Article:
As Shown by the Account of the Geneva Meeting


Political analyst Aleksandr Vedrussov on the successful restoration of Russian-American dialogue.

In recent years, Russian-American relations have reached their lowest point. That’s why the recent full-fledged summit between the leaders of Russia and the United States may be considered a breakthrough of sorts — for both sides.

For starters, the current presidents of Russia and the U.S. have enough healthy pragmatism to fix the unacceptable lack of stable and predictable relations between the two leading nuclear nations. To the surprise of many, it was Joe Biden’s administration that showed noticeable initiative in defusing tensions between the countries. One of the first items on his foreign policy agenda was the unconditional extension of the START III Treaty until 2026.

That decision was made during negotiations between the Russian and U.S. presidents in Geneva. The only final document from the summit was their joint statement on global strategic stability. Moscow and Washington are being responsible international actors, and don’t have the luxury to abandon dialogue about reducing the risks of armed conflict and the threat of nuclear war, even if bilateral relations have reached the lowest level.

In turn, a comprehensive bilateral dialogue on global security and nuclear nonproliferation may gradually bring other related issues of mutual interest to a level acceptable to both countries. Powerful and proud states, even in the face of ongoing confrontation, should be able to develop basic rules of interaction and maintain stable channels of communication — especially in tense situations.

It is significant that Biden not only outlined joint efforts to normalize the situation in Syria and Libya, but also noted Russia’s constructive role and even its assistance in resolving the crises in Iran and Afghanistan. The strengthening of Moscow’s position in the greater Middle East, oddly enough, in its own way, contributes to establishing effective Russian-American mechanisms to coordinate interests in this strategically important region.

This cannot be said about Ukraine, which has become a stumbling block for Russia and the United States, a situation that has remained at a standstill for many reasons. Moscow is working with amazing patience and consistency to ensure that Kyiv implements the Minsk Agreements approved by the U.N. Security Council, while Washington only reiterates tired mantras about the sovereignty and territorial integrity of Ukraine. Nevertheless, it may be considered a slightly encouraging sign that American leadership refused to respond positively to Kyiv’s insistent requests for early acceptance into NATO. However, in Moscow’s long-term perspective, bearing in mind the previous negative experience, Kyiv may be satisfied only with legally binding international agreements, not with empty rhetoric.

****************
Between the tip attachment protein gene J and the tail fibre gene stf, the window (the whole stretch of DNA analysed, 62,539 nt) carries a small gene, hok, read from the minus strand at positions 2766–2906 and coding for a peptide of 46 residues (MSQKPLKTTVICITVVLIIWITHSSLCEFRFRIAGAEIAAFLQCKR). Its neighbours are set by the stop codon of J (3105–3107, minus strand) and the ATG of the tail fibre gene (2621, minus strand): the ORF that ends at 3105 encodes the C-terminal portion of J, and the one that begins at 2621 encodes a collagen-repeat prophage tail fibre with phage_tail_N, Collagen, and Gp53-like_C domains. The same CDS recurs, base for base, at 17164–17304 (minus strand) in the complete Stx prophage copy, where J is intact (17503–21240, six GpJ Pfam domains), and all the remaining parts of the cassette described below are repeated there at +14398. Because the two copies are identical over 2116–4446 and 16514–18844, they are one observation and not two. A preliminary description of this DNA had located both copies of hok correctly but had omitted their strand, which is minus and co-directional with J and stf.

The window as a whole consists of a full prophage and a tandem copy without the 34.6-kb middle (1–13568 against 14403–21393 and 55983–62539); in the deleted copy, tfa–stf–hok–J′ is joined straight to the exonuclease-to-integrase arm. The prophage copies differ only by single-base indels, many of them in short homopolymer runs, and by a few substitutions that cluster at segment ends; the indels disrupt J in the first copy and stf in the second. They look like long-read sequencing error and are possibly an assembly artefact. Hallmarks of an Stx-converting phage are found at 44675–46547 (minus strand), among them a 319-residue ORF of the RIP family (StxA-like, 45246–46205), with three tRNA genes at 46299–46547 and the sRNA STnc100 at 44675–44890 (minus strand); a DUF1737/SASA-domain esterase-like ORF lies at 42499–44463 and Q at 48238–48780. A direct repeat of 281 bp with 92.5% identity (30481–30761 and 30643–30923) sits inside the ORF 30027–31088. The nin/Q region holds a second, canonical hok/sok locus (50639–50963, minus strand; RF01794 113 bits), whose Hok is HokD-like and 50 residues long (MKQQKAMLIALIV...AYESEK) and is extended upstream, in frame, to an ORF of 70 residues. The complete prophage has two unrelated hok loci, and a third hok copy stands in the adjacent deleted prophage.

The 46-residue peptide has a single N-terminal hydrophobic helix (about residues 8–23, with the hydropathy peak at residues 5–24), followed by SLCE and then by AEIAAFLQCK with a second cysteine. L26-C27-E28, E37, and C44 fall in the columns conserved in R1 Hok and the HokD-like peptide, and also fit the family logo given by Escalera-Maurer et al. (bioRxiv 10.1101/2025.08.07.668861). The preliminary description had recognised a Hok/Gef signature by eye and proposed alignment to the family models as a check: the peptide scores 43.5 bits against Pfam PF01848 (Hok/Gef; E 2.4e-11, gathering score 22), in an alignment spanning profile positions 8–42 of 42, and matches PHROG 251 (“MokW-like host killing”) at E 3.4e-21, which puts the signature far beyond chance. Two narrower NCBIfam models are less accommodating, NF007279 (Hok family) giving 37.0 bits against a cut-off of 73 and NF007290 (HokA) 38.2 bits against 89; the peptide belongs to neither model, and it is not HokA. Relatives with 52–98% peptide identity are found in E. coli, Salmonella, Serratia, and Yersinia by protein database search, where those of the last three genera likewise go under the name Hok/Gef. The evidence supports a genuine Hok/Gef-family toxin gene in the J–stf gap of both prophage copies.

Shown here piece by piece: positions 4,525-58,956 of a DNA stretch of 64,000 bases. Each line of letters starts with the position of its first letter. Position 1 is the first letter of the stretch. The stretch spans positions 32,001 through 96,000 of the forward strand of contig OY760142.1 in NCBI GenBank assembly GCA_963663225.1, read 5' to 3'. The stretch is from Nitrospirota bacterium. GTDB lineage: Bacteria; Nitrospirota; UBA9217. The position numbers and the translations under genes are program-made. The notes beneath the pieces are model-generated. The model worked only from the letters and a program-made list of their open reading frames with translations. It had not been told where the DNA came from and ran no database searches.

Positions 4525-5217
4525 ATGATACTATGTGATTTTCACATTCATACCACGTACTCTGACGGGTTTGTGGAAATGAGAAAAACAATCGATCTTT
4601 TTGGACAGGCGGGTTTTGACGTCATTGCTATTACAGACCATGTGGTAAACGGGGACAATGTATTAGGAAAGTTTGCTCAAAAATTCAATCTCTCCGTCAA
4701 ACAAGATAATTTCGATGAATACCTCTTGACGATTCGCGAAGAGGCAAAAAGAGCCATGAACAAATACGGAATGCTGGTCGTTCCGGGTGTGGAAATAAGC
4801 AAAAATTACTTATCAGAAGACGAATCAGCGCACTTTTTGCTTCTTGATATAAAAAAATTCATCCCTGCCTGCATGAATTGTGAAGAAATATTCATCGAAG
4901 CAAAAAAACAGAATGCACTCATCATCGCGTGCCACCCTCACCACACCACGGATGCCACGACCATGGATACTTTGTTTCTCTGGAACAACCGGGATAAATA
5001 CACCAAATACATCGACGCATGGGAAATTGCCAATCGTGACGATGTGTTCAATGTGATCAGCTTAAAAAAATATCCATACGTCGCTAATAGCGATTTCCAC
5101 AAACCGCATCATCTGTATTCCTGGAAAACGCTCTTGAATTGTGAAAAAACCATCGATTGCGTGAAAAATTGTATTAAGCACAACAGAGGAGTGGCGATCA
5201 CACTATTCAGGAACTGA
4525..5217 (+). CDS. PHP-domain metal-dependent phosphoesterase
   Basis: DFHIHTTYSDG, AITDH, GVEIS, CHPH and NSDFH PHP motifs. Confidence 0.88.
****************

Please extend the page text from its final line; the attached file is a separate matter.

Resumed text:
The Russian and American leaders identified certain points of nonconfrontational contact regarding the Arctic, global climate change and even the issue of joint responses to cyber threats. If the Helsinki agreements from the previous U.S. administration on the joint investigation of cybercrime remain unrealized due to complex domestic circumstances in the U.S., then we cannot expect any fierce resistance to the communication mechanisms initiated in Geneva by the new president from the “swamp” that is Washington. Despite stubborn and repeated allegations of routine charges against Russia, Biden has sensibly assessed the cyber risks from numerous actors, including nonstate actors, operating in the international arena today.

“Okay, what’s next?” the American president asked at his press conference following the summit. In response, the Russian leader tells a separate press gathering that there are no illusions and there can’t be any. Officially on paper, the United States will remain an unfriendly country for Russia. Moscow is Washington’s main military threat. This in no way prevents a dialogue to defuse tension and facilitate interaction on areas of mutual interest.

As shown by an account of the Geneva event, this is already a breakthrough of sorts in Russian-American relations, relations which we simply cannot allow to deteriorate further.

The author is the head of the research center StrategPRO.

The editorial board’s position may not reflect the opinion of the author.

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About Christa Diehl 26 Articles
Christa studied International Relations and Russian at the University of Delaware. She spent a semester in Saint Petersburg and loved it. Aside from studying languages, she likes playing the guitar and traveling.

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